overall: 6 1/4 in x 3 in x 1 1/4 in; 15.875 cm x 7.62 cm x 3.175 cm
Family & Social Life
Computers & Business Machines
Gift of John B. Priser
The Texas Instrument Slide Rule-10, more commonly known as the TI SR-10, was a handheld calculator introduced in November 1972, just a few months after TI's first calculator, the Datamath. The SR-10 initially retailed at $149, but was produced in large numbers and soon sold at significant discount. The calculator made use of the TMS0120 single-chip calculator circuit derived from the TMS1802, better known as the first "calculator-on-a-chip."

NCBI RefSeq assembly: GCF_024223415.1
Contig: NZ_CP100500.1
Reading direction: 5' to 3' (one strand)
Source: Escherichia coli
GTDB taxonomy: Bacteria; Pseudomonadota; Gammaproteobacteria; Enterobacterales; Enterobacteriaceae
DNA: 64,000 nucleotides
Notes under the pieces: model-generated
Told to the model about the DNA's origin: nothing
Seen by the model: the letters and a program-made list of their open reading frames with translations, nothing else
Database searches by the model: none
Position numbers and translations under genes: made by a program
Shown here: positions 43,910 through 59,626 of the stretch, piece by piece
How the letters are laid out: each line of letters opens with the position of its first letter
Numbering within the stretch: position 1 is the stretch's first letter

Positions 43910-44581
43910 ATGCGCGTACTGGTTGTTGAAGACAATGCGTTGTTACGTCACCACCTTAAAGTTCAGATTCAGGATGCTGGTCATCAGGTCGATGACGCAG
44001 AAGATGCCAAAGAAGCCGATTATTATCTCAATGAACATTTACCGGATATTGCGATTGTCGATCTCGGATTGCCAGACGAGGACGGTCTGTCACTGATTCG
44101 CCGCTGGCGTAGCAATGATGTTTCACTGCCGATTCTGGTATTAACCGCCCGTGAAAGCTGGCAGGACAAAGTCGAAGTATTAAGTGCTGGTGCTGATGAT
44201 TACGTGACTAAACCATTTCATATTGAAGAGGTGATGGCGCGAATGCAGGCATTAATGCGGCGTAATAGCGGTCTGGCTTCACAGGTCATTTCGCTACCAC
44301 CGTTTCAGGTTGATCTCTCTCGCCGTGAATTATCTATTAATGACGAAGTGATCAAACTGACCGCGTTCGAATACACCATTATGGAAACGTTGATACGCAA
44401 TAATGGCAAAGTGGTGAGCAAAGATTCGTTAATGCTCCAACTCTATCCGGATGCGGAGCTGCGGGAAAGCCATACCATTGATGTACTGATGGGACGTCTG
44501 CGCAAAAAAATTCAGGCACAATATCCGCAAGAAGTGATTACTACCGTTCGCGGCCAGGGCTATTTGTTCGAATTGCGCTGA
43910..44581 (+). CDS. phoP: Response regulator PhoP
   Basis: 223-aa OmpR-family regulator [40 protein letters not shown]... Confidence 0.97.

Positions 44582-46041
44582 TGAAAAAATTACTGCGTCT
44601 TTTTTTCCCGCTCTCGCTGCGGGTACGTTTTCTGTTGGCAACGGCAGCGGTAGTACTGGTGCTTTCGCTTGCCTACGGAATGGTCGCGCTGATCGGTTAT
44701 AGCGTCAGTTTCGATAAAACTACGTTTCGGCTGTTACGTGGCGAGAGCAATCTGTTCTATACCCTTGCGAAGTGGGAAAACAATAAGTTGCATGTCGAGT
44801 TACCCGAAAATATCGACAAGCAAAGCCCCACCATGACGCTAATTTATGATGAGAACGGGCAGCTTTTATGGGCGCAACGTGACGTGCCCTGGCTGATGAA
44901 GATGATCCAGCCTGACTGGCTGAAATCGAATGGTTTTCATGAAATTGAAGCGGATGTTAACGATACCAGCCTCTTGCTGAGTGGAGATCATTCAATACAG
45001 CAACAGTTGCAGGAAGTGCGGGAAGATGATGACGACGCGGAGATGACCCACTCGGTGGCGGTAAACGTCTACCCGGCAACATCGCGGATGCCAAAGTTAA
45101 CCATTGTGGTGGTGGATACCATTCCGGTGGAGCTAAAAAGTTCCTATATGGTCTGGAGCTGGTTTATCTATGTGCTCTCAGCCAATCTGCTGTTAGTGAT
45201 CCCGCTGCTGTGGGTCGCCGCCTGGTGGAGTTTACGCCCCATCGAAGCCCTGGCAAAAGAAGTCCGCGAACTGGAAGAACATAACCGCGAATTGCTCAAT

The calculator had a LED (Light Emitting Diode) display capable of showing 10 decimal digits, and used a NICAD battery pack to power the red numeric display. The user had to constantly charge and recharge the battery after a few hours of use. The NICAD batteries would usually go bad after a few hundred charges. This was a major drawback for early electronic calculators. Later LCD (liquid Crystal Display) devices used so little power that they could run on tiny solar cells.